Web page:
The whole thing is much more consciously juvenile than either of the other cartoons. Kaz is meant to be 20 — he’s been in the navy — but is coded as a kid. Where Ezra was a wide-eyed anime character, Kaz knows that he is in a western cartoon. His arms flap up and down when he runs and he does that Road Runner skid when he stops. He is prone to only notice that objects are heavy a moment after he has picked them up; and even does a double take before falling over when he bumps into things. He’s a hopeless spy, perpetually inventing weak excuses for being in the wrong place at the wrong time. (Tam insinuates that he is only pretending to be an idiot, but he pretends very well.) Many of the plot-lines are Saturday morning staples, turning on honesty being the best policy and it being a good thing to trust and stand up for your friends. A fairly typical one involves Neeko adopting a noxious alien creature as a pet: initially Yaegar wants him to get rid of it, but everyone ends up supporting their friend’s choice of animal companion. Shortly afterwards a terrifying sea monster attacks the Colossus and all the space aces, including Kaz fly daring missions against it. Gradually it becomes clear that the monster is after Neeko’s pet and — stop me if you’ve heard this before — he makes the difficult decision to return the critter to its mum.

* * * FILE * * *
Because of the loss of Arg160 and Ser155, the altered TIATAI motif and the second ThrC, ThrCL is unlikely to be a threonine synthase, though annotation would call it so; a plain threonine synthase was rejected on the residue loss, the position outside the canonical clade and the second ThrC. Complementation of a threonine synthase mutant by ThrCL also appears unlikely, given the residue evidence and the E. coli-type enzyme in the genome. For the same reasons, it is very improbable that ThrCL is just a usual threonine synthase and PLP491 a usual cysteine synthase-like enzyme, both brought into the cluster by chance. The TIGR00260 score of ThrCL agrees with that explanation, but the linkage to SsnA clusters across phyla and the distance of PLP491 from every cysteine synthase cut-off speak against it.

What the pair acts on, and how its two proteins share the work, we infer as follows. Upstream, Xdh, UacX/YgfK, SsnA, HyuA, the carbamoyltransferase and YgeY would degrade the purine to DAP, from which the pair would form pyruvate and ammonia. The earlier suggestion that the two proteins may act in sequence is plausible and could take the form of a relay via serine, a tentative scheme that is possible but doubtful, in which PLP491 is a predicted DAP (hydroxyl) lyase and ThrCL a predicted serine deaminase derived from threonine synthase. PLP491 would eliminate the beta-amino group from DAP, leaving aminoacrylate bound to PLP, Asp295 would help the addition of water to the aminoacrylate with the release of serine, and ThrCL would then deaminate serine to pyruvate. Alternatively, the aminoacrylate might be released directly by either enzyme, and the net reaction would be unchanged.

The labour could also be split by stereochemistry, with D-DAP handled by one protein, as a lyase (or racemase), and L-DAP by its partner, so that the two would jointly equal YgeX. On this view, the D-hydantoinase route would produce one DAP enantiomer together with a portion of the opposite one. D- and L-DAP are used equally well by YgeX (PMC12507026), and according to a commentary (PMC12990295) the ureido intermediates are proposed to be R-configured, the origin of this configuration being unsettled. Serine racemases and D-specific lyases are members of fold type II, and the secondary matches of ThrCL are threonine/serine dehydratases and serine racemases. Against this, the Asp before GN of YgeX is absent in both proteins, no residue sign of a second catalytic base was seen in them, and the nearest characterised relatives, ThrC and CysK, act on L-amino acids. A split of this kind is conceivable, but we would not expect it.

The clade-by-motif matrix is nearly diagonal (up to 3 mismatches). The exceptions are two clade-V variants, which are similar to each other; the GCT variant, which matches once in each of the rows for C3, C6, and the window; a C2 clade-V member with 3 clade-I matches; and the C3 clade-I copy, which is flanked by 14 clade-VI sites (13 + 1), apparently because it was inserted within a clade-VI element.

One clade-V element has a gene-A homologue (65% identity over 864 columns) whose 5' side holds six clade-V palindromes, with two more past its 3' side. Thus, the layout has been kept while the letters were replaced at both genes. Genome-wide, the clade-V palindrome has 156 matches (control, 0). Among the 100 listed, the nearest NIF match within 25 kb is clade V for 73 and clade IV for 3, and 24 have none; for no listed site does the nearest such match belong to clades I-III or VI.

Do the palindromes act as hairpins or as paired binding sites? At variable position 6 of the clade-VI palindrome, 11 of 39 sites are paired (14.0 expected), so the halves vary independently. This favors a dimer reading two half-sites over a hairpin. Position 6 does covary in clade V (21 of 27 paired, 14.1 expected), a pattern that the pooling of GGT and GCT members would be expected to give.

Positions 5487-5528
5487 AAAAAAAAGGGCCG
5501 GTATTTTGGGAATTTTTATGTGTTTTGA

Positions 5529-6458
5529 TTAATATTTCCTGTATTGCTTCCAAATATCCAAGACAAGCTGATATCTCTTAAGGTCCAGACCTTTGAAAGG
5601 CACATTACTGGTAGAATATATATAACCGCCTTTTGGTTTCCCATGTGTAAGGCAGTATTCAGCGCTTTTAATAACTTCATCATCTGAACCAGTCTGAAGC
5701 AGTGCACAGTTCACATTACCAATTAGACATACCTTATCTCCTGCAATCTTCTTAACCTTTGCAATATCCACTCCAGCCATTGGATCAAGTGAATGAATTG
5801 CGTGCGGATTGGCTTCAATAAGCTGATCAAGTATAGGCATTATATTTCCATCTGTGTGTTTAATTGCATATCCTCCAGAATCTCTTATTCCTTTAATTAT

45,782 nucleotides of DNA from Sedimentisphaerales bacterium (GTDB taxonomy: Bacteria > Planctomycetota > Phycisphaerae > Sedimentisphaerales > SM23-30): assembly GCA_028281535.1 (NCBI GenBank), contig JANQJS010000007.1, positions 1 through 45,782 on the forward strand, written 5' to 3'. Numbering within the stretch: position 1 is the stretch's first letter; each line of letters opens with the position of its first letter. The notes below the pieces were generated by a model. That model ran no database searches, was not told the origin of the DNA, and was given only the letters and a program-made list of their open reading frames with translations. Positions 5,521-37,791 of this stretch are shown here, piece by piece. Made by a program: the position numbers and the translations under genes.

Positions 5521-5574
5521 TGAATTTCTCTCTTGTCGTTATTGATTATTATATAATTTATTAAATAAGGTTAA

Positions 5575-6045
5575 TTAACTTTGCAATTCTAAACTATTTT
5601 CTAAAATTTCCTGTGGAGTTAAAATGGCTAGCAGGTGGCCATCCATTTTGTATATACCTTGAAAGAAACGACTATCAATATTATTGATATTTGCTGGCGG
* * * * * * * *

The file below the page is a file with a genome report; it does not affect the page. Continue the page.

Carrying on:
I like the way that the story is about (relatively) ordinary people a long way from the main story. The movies presented the First Order as pretty much a fait accompli, doing all the things the Empire used to do but with a slightly different livery. The cartoon puts us in a world where the Pax Novum Republican (as it were) is taken for granted, but facing a threat which most people don’t recognise. If Clone Wars takes place in a noble, heroic past, Resistance feels almost contemporary: there are space ships and aliens, but the kids play with computer games and watch TV shows. The word “Jedi” is hardly ever spoken.